Evaluation of active camera control systems in gynecological surgery: construction, handling, comfort, surgeries and results
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- Beckmeier, L., Klapdor, R., Soergel, P. et al. Arch Gynecol Obstet (2014) 289: 341. doi:10.1007/s00404-013-3004-8
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Surgeon-controlled endoscope leading assistance systems are a novelty in endoscopic surgery. These systems were evaluated for their applicability and reliability in operative gynecology. In this regard, we evaluated possible methods of operation, operative time, setup time, and comfort for the surgeon, complications, blood transfusions, length of stay, hemoglobin levels, and demographic data.
Two systems with technically identical camera control systems were applied, the SOLOASSIST™ system and the Einstein Vision™ 3D system. The arm systems are attached to the operating table and controlled by surgeon via a manual control, a remote control or a foot switch. Comfort for the surgeon was evaluated using a questionnaire (scale 1–5; 1 “very good”, 5 “poor”). All data were collected prospectively in a database (IBM SPSS Statistics 20) and evaluated.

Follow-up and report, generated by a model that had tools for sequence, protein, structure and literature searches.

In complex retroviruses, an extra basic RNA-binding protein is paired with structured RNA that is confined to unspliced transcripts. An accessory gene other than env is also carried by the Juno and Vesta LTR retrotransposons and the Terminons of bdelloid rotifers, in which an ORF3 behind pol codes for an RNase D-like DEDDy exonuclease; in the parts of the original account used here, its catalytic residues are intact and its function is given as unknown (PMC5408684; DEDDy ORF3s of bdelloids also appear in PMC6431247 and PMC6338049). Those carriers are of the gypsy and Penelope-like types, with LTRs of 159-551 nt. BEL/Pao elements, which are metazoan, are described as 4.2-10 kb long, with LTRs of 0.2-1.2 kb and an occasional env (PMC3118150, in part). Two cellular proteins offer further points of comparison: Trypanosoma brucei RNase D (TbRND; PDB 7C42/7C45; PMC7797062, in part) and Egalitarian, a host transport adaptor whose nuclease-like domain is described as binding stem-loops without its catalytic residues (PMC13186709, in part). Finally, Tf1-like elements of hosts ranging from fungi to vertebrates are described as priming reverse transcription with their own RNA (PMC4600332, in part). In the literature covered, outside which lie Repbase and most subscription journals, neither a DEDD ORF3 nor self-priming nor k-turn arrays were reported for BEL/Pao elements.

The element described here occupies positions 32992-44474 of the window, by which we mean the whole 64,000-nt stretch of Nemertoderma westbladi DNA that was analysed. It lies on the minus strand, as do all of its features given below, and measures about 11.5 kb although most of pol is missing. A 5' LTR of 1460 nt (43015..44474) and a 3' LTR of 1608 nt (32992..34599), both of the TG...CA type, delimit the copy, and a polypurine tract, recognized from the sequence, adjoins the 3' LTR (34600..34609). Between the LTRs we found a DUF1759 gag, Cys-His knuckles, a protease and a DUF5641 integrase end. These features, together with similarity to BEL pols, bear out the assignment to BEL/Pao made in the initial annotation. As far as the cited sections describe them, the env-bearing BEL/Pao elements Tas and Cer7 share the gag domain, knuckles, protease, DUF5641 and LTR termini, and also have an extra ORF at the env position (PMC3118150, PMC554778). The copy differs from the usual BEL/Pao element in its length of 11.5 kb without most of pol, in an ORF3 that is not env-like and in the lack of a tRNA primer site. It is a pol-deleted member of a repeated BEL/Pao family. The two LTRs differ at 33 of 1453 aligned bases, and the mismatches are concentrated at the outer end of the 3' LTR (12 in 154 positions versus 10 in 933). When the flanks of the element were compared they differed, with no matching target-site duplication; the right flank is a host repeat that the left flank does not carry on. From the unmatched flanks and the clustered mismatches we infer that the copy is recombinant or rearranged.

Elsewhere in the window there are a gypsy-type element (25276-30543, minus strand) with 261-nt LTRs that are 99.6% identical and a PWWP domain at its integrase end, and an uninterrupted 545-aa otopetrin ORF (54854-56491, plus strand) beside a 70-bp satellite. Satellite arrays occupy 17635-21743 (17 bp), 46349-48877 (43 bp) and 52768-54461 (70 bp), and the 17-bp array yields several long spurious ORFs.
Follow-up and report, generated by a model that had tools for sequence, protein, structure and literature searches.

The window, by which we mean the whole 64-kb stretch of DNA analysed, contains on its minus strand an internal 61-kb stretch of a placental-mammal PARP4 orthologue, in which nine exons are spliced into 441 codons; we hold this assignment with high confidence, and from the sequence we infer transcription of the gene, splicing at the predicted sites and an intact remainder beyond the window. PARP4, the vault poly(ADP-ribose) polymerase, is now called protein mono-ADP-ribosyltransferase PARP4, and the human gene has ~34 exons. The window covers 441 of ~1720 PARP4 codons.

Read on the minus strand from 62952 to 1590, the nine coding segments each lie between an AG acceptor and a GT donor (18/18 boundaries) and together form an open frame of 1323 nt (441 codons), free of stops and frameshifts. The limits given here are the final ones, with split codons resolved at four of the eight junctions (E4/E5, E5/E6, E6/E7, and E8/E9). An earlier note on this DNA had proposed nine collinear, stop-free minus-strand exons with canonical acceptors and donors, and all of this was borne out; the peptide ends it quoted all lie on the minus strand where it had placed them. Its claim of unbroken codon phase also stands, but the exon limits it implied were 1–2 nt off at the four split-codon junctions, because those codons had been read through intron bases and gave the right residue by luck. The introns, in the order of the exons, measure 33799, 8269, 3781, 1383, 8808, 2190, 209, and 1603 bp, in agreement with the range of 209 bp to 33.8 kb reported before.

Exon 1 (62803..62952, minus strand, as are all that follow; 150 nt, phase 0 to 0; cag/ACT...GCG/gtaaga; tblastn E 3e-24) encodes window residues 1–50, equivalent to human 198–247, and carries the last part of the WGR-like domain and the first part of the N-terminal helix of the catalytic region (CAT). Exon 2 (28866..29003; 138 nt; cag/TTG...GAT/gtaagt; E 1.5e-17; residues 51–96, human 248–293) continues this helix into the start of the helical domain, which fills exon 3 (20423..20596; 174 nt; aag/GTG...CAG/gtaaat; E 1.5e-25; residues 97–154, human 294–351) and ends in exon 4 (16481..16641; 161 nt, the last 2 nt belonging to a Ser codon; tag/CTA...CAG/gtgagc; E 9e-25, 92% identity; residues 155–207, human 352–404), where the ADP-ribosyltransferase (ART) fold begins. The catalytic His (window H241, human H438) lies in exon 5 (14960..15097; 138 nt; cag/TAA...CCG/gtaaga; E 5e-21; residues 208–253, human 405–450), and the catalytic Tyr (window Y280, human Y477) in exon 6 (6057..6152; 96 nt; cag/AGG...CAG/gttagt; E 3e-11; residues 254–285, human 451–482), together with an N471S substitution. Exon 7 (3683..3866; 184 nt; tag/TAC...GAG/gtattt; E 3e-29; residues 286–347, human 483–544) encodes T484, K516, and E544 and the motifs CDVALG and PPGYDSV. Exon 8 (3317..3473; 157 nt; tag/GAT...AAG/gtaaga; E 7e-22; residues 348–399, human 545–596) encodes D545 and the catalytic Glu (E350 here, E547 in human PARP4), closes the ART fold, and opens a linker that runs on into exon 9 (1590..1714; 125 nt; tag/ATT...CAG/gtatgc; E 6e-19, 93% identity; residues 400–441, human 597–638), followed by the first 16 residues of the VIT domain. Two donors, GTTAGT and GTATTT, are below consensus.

One hundred and four patients underwent surgery supported by an active control system. In 43 (41 %) cases, oncological interventions were performed. Average setup time was 7 (3–30) min. There was a significant learning curve regarding the mounting of the system after 20 operations (p = 0.045). Overall comfort was rated as “good”, divided into control 2.2 (2–4), physical effort 2.1 (1–4), picture quality 1.6 (1–3), and overall satisfaction 2.1 (1–4). About 75 unwanted camera movements were noticed in 104 surgeries. Complications occurred in no case (0 %).
The application of an active camera control system was evaluated to be safe for all gynecological laparoscopies. Picture blur is avoided even during prolonged complex procedures. Moreover, the assistant is able to support the surgeon with two instruments, with the result that the presence of a second assistant is not required for complex interventions. Causing only minimal setup time, the examined active control systems improve the effectiveness of surgeries. The physical effort required for the assistant decreases and, by reducing tiring operations and tremor, subsequently, higher precision is reached.